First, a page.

The National:

THE Conservative party has broken a manifesto commitment not to raise taxes and it looks like Scots will be forced to pay for a looming crisis in English social care.

But this is not the first time that the people of Scotland will have to pay for the failures of the Tories to stand by their pledges to voters.

From Brexit to Universal Credit cuts and inaction on rising energy prices, Scots are being forced to pay for the failures of the Tory government in Westminster.

Here are five things Scots will have to pay for due to Tory failures:

1. Cut to Universal Credit

While the Tories introduced the £20 per week uplift to Universal Credit last year to help families struggling during Covid lockdowns, removing it is now cancelling out the Scottish Government's payment for children needing support.

The UK Government plans to roll back the increase by November of this year which will see thousands of families across Scotland made poorer as they lose annual income of £1040.

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Earlier this year, the Scottish Government introduced the Scottish Child Payment which aims to reduce inequality by providing money to be used for whatever families need most.

First Minister Nicola Sturgeon has said that the payment will be doubled from £10 per week to £20 "sooner rather than later" to help mitigate Tory cuts.

If the Tories cared more about helping poorer families with the Universal Credit system that Scotland is forced to use then perhaps this would not have to happen at all.

2. Brexit hits Scottish businesses

Businesses in Scotland have been hit hard by the UK's decision to leave the European Union 

Since the 2016 vote, the UK as a whole has seen a 5.5% drop in exports and warnings have been levelled that the decision to leave could cost Scotland's GDP (Gross Domestic Product) up to £9 billion by 2030.

In the past two years, whisky exports have fallen by £5 million per week, an industry that accounts for 21% of the UK economy.

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And that's not even mentioning the supply issues that have led to empty shelves and shortages across businesses along with farmers having to destroy millions of vegetables due to not being able to get them to market.

Due to adding extra export rules to trade with our closest neighbours because of Brexit - and a hasty exit so Boris Johnson could say he got a deal in time for the deadline - Scottish industries are not able to make as much.

3. Energy bills increasing

Energy regulator Ofgem announced in August that prices for millions of households across the UK will increase by an average of £139 per year due to increased costs from suppliers.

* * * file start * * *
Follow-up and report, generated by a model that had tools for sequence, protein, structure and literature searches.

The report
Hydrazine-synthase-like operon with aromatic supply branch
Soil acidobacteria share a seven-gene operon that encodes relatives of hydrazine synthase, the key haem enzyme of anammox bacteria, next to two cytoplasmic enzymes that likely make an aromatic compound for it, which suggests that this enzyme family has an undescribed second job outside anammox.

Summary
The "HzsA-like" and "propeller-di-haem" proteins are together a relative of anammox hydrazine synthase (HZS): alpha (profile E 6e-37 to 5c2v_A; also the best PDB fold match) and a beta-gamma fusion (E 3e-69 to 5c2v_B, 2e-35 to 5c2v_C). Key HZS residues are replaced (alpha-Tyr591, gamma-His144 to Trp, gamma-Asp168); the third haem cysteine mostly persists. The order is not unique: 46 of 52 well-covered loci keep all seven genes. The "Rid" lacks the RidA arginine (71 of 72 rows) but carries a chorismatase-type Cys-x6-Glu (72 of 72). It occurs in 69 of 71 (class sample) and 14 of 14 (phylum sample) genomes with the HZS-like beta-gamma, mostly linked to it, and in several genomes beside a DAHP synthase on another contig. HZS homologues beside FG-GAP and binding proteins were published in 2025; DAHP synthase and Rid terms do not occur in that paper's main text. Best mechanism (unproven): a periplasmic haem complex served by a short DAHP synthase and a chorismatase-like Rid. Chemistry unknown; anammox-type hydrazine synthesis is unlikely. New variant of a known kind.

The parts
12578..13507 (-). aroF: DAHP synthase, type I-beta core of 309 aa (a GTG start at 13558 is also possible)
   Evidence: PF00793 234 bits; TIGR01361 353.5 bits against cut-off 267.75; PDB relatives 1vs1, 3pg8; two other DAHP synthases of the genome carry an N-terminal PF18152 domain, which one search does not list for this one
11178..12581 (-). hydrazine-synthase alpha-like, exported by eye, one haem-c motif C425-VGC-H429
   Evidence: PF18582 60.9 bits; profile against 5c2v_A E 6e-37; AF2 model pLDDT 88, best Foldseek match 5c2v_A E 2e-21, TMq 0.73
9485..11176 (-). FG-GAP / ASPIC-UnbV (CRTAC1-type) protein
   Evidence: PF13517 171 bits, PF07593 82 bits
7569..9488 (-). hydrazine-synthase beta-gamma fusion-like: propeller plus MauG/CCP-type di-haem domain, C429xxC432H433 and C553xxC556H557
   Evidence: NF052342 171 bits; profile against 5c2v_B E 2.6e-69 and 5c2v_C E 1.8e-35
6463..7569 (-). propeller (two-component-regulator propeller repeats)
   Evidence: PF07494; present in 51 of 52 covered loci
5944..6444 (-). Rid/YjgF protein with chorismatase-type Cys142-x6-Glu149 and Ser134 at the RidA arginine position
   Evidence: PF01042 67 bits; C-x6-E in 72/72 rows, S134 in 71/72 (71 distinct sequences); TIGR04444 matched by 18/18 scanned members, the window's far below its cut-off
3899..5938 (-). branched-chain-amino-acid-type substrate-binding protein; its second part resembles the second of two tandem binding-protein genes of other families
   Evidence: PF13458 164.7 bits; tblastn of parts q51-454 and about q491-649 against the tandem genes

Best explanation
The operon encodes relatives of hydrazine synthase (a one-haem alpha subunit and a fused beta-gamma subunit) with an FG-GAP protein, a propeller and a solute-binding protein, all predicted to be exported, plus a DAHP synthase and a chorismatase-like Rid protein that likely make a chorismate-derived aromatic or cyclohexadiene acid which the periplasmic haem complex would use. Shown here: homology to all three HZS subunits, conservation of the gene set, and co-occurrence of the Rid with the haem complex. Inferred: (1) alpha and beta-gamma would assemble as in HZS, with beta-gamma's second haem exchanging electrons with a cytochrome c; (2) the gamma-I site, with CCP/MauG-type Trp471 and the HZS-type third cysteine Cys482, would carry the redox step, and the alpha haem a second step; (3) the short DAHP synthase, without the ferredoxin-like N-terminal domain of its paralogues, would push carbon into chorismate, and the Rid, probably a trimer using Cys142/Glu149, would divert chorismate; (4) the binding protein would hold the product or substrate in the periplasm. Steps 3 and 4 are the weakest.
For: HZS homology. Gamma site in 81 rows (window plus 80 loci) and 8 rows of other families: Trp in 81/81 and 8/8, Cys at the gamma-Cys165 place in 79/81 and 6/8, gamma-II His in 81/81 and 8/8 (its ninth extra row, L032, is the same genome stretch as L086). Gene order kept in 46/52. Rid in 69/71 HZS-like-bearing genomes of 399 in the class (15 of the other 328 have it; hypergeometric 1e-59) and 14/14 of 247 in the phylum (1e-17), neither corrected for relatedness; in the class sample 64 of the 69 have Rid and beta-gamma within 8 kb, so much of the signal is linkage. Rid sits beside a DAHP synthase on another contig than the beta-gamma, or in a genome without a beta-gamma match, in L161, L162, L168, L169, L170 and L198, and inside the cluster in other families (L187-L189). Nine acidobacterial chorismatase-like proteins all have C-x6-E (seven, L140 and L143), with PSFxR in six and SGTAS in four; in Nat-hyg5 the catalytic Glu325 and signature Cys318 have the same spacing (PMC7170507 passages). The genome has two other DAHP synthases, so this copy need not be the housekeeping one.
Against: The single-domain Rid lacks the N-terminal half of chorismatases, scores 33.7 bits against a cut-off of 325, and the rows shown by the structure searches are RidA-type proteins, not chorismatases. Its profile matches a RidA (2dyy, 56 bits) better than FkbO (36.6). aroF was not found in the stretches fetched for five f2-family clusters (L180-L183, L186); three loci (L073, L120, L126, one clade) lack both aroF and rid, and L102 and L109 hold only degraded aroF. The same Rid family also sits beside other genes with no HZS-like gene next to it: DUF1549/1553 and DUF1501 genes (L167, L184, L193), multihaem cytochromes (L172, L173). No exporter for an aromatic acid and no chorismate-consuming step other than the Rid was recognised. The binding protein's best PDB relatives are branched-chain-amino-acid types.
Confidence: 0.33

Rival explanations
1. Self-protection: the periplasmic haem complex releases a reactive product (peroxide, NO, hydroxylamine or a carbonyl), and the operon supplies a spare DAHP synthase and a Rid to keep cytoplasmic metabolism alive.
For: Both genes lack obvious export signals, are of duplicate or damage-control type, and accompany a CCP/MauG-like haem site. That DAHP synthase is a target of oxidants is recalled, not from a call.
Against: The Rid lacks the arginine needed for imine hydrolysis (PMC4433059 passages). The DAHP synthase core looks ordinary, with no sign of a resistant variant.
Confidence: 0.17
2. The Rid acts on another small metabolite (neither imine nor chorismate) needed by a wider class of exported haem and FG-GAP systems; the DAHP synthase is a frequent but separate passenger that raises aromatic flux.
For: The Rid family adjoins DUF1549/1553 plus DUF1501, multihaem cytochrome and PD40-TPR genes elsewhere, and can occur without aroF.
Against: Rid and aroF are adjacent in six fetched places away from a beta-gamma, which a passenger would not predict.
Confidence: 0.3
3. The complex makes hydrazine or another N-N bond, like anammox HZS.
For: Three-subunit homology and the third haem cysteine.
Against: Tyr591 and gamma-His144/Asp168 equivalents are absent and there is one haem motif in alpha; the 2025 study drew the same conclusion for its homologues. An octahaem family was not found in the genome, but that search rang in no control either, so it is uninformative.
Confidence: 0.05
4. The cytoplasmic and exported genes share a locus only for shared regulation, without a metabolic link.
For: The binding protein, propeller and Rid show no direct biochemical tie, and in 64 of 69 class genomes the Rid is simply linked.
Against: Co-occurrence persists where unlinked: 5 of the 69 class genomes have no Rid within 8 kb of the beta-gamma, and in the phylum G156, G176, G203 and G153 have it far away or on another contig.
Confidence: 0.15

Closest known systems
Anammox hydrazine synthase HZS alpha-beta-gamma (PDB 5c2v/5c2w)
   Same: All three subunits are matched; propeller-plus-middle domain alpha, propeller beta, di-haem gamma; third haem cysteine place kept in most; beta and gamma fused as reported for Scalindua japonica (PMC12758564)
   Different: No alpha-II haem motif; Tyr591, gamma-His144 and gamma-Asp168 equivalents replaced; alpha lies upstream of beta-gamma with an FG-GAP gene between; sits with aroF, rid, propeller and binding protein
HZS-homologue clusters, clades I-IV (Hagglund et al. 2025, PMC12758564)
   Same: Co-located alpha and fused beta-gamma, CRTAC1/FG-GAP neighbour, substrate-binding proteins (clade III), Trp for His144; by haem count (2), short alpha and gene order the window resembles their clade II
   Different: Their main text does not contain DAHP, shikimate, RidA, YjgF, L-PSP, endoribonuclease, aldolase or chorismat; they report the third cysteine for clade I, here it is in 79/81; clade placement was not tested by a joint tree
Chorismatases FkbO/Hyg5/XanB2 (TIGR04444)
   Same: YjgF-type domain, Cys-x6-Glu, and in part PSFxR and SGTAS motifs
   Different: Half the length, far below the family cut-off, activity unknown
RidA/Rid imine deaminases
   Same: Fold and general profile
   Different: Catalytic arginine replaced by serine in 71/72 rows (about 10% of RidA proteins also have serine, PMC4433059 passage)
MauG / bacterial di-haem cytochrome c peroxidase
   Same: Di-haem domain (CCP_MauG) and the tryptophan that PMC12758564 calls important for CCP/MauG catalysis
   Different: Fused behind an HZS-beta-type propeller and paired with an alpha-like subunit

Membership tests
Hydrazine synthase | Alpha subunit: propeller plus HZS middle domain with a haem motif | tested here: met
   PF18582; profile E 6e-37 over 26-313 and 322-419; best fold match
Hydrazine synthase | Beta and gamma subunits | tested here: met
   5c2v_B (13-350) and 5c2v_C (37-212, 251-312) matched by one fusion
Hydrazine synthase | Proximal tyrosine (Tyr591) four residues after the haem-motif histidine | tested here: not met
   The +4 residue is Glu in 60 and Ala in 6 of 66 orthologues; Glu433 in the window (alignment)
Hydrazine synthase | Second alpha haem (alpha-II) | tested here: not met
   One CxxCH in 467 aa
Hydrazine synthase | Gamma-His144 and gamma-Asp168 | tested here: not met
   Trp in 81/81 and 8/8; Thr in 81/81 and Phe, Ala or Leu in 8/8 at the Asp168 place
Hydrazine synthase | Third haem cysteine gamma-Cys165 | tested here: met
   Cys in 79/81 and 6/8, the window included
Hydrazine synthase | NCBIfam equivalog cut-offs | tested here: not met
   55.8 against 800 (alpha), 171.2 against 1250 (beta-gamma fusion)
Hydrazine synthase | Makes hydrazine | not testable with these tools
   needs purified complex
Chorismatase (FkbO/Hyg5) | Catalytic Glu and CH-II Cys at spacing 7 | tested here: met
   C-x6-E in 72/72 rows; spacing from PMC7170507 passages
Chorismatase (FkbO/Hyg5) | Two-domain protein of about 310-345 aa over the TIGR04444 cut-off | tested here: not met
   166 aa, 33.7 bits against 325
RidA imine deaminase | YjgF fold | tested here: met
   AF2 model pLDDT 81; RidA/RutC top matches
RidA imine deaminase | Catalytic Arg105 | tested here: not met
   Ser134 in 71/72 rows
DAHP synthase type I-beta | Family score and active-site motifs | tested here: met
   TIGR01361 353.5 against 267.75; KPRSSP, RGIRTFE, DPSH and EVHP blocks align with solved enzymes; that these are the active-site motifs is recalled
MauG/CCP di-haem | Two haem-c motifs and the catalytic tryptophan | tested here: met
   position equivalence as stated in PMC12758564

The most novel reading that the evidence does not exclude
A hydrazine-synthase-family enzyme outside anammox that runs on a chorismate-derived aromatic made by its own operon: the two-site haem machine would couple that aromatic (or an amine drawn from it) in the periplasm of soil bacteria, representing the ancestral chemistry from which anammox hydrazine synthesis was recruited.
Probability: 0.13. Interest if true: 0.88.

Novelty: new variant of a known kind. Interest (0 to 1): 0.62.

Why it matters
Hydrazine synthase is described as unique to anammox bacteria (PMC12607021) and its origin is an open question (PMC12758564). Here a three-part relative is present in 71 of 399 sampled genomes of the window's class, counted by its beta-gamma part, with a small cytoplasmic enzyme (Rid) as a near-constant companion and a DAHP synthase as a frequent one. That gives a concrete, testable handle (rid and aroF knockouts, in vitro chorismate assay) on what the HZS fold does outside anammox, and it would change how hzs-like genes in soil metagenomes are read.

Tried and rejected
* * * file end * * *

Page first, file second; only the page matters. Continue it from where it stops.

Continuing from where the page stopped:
The increase in bills will come into effect in October, right when those claiming Universal Credit will see a reduction in the amount of money they will receive.

The National: The price cap on energy will rise for the second time this year

In 2016, the Tory government promised “fuel bills would be lower for everyone” if we left the EU but here we are, five years after the Brexit vote with prices about to increase.

Despite their overtures to the contrary, the Tories are a party for business so it's little wonder why they're not putting a cap on prices to help people who this will affect the most. 

Since energy is a reserved matter for Westminster, there is little Scotland can do to counteract this rise in prices.

4. Pensions triple lock

Another manifesto pledge that the Tories broke (on the same day as they raised taxes) was scrapping the triple lock on pensions.

The triple lock - a Tory manifesto commitment - guarantees that pensions grow in line with whichever is highest out of earnings, inflation, or 2.5%.

However, Work and Pensions Secretary Therese Coffey (below) told MPs that next year's increase will be based on either 2.5% or inflation because there had been an “irregular statistical spike in earnings” over the period pensions are set.

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The UK already has the lowest state pension, as a proportion of pre-retirement wages, compared to our European neighbours. Pensioners receive around 28% of the average working wage while those in Austria and Luxembourg enjoy 90%.

The SNP said that Tory ministers should be "ashamed" of breaking a promise to pensioners.

It's becoming increasingly clear that the priorities of the Tories don't match up with Scottish voters - if decades of Westminster elections wasn't enough to show you that.

5. Rise in National Insurance payments

And of course, there is the most recent rise in National Insurance (NI) payments that Johnson has claimed will be a "Union dividend" as more money is being "allocated" to Scotland than Scots are paying.

The Tory PM announced a health and social care levy that will be based on a 1.25% increase to NI payments but the money is being raised to help England's social care system with Scots already paying to fund ours.

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Johnson said that Scotland will "benefit from" an extra £1.1 billion a year by 2024-25 for health and social care. So taxes raised in Scotland will be used here? Thanks Boris!

Health is a devolved matter controlled by the Scottish Government which works much more closely with Scotland's NHS and understands where money needs to go.

But will the UK give all of that money to the Scottish Government to use in the most effective way for health and social care through Barnett formula consequential?

That remains to be seen until all the money is able to be properly collected and distributed, which is likely to be very close to a potential second referendum on Scottish independence.

Watch this space.